Parents of special-needs Camp Anchor participants on Sunday announced they are filing a class-action lawsuit alleging that a Hempstead Town attorney and his wife violated privacy and confidentiality laws when they sent a letter to campers’ families urging them to vote for Town Supervisor Anthony Santino.
William J. Muller III and Diana Bianculli-Muller, both of whom work for the town, wrote a letter dated Oct. 31 saying their son Richard also attends Camp Anchor and that increased activities there were “only made possible” because of the support of Santino, who is running in Tuesday’s election, and the town board.
“We are asking you to please join us in voting for the re-election of Anthony Santino for Town Supervisor because we personally know how he feels about the Anchor Program and the important service it provides to our Township’s special needs community,” they wrote.
Camp Anchor families and other special-needs advocates announced the lawsuit at a news conference Sunday morning outside Town Hall with Democratic supervisor candidate Laura Gillen, who previously volunteered at the camp, and attorney Jeff Gold, who is running for the county legislature as a Democrat.
Gold said he filed the lawsuit online Sunday morning and the defendants are to be served Monday.
Camp Anchor — Answering the Needs of Citizens with Handicaps through Organized Recreation — offers programs for town children and adults with special needs, according to its website. There are after-school and Saturday programs for participants, as well as a summer program in Lido Beach. The camp has a waiting list for those interested in participating in its programs.
Muller is currently Santino’s legal counsel and formerly clerk for the Nassau County Legislature. Bianculli-Muller is a deputy town clerk.
Three parents of campers, as well as a legal guardian and two campers themselves, filed the lawsuit against the town, Santino and Muller, according to a copy of the documents that was handed out at the news conference.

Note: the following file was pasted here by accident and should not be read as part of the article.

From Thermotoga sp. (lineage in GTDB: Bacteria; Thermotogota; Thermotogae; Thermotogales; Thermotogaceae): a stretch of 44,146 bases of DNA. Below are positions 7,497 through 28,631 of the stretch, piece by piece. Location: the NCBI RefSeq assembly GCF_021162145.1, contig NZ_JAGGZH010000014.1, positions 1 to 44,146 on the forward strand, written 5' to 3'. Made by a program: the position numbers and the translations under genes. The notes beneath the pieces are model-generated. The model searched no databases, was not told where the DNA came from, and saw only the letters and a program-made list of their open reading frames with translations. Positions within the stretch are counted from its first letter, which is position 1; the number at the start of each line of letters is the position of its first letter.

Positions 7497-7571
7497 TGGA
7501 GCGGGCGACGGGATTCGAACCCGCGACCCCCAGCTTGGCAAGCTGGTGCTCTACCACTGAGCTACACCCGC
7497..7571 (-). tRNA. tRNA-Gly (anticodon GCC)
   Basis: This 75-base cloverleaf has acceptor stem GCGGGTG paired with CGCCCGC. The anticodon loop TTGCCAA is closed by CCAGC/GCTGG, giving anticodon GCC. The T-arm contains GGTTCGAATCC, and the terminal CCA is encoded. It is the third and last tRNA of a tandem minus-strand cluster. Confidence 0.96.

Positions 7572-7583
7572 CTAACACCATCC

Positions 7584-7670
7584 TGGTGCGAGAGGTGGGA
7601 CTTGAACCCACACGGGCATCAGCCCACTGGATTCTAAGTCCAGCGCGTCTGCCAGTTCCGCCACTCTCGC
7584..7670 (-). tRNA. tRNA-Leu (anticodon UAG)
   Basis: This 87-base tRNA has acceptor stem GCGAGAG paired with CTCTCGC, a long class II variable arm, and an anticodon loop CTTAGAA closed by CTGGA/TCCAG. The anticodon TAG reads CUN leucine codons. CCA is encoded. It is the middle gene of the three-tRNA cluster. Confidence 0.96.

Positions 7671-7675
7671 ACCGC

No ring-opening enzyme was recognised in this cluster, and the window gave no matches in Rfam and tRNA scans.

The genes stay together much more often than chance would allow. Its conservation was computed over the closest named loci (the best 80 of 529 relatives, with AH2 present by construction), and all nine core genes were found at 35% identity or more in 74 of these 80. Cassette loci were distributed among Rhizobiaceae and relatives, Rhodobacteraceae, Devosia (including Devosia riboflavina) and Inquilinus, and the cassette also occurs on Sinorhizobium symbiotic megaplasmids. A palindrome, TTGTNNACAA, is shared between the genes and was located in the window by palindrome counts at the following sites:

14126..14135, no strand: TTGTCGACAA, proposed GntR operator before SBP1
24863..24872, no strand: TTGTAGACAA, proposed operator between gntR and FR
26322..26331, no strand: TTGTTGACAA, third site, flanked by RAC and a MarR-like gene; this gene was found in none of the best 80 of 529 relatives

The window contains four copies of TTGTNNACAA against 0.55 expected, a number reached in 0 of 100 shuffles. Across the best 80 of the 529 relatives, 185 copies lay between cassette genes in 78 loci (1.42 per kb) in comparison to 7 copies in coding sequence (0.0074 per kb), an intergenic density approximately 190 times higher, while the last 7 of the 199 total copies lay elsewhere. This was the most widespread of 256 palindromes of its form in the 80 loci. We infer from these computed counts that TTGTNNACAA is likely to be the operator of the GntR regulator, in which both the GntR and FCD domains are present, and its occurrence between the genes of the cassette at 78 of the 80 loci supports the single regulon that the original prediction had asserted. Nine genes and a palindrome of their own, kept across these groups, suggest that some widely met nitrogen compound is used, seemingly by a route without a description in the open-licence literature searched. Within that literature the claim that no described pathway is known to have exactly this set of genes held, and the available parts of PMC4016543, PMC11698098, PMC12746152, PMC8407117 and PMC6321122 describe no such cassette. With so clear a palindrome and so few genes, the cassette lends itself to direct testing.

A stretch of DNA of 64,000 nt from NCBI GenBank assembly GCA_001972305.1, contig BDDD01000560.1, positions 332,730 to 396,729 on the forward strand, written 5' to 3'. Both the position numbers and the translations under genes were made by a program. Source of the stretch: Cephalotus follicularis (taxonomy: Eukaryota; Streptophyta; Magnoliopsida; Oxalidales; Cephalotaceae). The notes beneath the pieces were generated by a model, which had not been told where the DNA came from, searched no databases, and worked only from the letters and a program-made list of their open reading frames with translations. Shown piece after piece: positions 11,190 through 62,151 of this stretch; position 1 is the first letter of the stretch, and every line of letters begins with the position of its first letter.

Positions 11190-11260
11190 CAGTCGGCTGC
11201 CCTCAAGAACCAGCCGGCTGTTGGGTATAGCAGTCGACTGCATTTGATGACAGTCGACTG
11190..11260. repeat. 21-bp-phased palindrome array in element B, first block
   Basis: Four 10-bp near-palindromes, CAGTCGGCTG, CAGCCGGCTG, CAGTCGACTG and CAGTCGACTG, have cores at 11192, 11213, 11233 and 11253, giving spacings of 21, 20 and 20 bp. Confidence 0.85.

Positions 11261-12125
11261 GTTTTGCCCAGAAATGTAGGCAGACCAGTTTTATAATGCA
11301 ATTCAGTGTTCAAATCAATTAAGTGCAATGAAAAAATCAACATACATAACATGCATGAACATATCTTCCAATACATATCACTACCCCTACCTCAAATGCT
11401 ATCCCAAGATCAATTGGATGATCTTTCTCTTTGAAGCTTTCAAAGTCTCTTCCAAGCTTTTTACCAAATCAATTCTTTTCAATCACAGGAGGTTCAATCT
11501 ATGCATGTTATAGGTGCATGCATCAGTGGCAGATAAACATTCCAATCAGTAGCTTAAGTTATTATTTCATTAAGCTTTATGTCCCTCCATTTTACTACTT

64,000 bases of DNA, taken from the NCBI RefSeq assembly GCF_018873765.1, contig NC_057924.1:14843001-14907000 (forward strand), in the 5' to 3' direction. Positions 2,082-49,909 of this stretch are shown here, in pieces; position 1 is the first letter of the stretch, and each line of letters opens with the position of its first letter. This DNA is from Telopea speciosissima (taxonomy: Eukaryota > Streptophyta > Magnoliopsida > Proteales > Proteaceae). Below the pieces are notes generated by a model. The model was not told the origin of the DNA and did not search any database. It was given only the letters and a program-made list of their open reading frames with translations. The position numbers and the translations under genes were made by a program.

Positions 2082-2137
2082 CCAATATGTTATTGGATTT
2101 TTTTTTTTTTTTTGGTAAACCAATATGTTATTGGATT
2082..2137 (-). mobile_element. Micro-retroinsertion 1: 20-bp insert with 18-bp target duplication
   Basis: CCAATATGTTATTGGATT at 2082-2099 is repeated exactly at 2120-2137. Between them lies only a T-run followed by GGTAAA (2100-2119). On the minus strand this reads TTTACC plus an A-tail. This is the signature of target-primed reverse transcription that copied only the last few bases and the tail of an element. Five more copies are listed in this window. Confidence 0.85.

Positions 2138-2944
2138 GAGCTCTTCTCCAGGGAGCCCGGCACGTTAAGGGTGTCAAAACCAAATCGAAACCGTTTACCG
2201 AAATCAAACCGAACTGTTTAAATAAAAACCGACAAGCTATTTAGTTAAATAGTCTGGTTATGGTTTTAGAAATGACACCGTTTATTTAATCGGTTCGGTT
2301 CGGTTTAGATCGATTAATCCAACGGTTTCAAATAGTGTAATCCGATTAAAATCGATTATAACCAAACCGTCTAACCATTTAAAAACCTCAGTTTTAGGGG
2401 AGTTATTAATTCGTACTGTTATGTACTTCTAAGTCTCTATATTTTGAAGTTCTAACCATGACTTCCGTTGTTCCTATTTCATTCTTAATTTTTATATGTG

The lawsuit is being filed in State Supreme Court in Queens because “Santino has a role in the selection of judges in Nassau County and a fair trial may not be obtained there,” according to the copy of the document.
Muller and Matt Coleman, Santino’s campaign spokesman, could not be reached for comment Sunday.
Hempstead Town spokesman Mike Deery said the list of camp families’ addresses is publicly available.
“Mr. Muller acquired such a list, in his capacity as a private individual, in response to a properly executed Freedom of Information Law request,” Deery said in a statement issued Sunday.
The plaintiffs, who are identified only by their initials, are each seeking $50,000 in damages, the lawsuit states.
Noah Probert, 29, and his mother, Sandra Probert, 66, of Westbury attended the news conference. Sandra Probert received the letter and Noah Probert, a longtime Camp Anchor participant, is part of the lawsuit.
“I truly believe what they’ve done here is unacceptable,” he said. “What’s going on with this is terrible.”
Milagros Vicente, 49, of Valley Stream, also received the letter on behalf of her 29-year-old son.
“How was this individual allowed to obtain our children’s information?” she said of Muller, calling Camp Anchor a safe haven. “I didn’t know who this person was.”